Most employees will know the feeling of being in the middle of writing an email when their laptop crashes or having to watch an IT admin remotely take control of their laptop for minutes on end. We know this is disruptive to end users, but how does it impact their ability to work, be productive and stay engaged?
Gloria Mark, a Professor in the Department of Informatics at University of California, has researched and written extensively about the business cost of interrupted work. At our fall Work From Anywhere conference, she laid out her key findings that emphasize the role technology plays in shaping employee engagement and productivity, and the relationship between digital disruption and workplace burnout.
According to Gloria’s research, most employees spend far too much time multitasking. Gloria aptly points out that our very definition of multitasking is wrong. Humans can’t multitask because, simply put, we can’t focus on two things at once. Gloria instead refers to multitasking as the process of constantly context switching. The average length of screen time focus, for example, is 47 seconds, meaning every 47 seconds people shift to a different application or task. But what’s the impact of continuous multitasking?
- Performance slows
- People make more errors
- Employees suffer from a higher cognitive workload, basically meaning there are just a lot more things people have to keep in the minds when they switch their attention
- Interference from attention residue occurs, which means you’re still thinking about the thing you were just doing so you can’t focus entirely on what you’re doing right now
- Productivity slows
- People suffer from higher blood pressure
- Stress levels increase
It must be recognized that not all interruptions are bad, as they allow for mental breaks from the screen or a task. About half of interruptions are actually self-initiated for this very reason. However, unwelcome interruptions are detrimental to employee productivity. A large proportion of people lack the ability to stay focused when content switching unwillingly, resulting in higher levels of neuroticism and impulsivity.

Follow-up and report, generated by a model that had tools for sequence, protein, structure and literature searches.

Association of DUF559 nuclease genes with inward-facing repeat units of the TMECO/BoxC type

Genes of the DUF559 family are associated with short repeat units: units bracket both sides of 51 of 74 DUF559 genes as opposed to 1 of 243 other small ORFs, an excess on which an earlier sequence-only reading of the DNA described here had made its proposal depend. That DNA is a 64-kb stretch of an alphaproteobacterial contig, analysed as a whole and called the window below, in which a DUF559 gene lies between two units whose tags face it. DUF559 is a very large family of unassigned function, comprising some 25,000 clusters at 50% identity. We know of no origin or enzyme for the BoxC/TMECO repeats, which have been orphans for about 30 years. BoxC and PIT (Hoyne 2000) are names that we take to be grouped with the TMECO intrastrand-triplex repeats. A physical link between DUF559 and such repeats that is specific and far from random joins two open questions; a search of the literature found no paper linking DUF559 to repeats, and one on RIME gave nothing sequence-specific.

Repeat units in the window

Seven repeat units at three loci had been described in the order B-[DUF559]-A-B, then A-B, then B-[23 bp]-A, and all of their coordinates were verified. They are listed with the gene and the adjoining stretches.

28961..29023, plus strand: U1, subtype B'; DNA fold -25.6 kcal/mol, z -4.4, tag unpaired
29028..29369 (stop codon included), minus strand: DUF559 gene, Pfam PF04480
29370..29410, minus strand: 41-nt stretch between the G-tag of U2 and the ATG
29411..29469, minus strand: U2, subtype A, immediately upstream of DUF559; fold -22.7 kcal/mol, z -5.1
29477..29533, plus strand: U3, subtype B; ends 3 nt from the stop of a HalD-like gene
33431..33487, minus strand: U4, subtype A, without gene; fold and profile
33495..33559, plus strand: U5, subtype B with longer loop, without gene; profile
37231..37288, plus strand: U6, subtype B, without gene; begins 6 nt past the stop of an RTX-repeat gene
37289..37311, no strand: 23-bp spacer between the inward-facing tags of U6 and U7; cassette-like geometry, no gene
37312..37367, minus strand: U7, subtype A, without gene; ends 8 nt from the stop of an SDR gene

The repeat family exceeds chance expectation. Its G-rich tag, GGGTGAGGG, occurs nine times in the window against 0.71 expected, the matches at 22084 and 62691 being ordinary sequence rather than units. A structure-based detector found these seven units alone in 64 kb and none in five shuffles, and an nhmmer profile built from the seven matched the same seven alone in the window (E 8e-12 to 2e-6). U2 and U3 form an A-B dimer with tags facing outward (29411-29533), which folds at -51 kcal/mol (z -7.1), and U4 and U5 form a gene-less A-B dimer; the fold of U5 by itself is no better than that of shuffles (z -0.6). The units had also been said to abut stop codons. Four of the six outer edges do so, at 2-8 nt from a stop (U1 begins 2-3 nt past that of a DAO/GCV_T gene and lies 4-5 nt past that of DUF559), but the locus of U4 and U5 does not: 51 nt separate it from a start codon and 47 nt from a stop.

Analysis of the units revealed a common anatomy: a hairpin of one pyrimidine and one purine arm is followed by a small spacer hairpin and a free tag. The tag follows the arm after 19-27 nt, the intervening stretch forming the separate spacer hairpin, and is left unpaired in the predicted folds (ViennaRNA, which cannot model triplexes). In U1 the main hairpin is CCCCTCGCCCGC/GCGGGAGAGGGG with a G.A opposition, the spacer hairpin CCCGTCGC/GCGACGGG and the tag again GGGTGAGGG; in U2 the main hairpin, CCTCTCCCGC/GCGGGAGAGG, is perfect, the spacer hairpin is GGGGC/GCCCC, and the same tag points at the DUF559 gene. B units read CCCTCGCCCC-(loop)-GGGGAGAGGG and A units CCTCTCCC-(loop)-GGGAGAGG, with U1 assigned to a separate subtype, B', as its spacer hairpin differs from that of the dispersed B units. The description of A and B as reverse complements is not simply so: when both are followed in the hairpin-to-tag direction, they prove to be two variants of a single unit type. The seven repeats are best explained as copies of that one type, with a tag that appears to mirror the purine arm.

How HR can reduce the impact digital distraction on employees
There are specific things organizations can start doing to reduce the impact of digital distraction on employees. HR leaders need to think about:
- Formalizing employees’ right to disconnect. For most knowledge workers, work is home and home is work, inhibiting their ability to switch off. Over time, this will erode engagement levels and potentially lead to burnout. Formalizing workplace practices that enable employees to disconnect from their workplace technology will be key to warding off the negative impact of remote work.
- Changing how employees communicate. When are emails necessary? Are we having too many meetings? Do employees spend far too much time searching for information? These are the types of questions HR organizations need to address. Seeking out ways to relieve the communication burden on employees will be integral to maintaining productivity among remote workers in the long term.
- Design a work culture that is remote-first. We’ve all experienced those moments when you grab a coffee in the office kitchen and are enticed into a conversation with your colleagues and learn about a cool new project, share the latest gossip, or work together to resolve a particularly prickly problem. This doesn’t happen when you are working from home. For fear of being out of the loop, employees will seek out these interactions in whatever way they can, even when the physical walls of the workplace have dissolved. Factoring these interactions into your remote-first work culture will ensure they don’t negatively impact productivity and, critically, employees’ sense of belonging.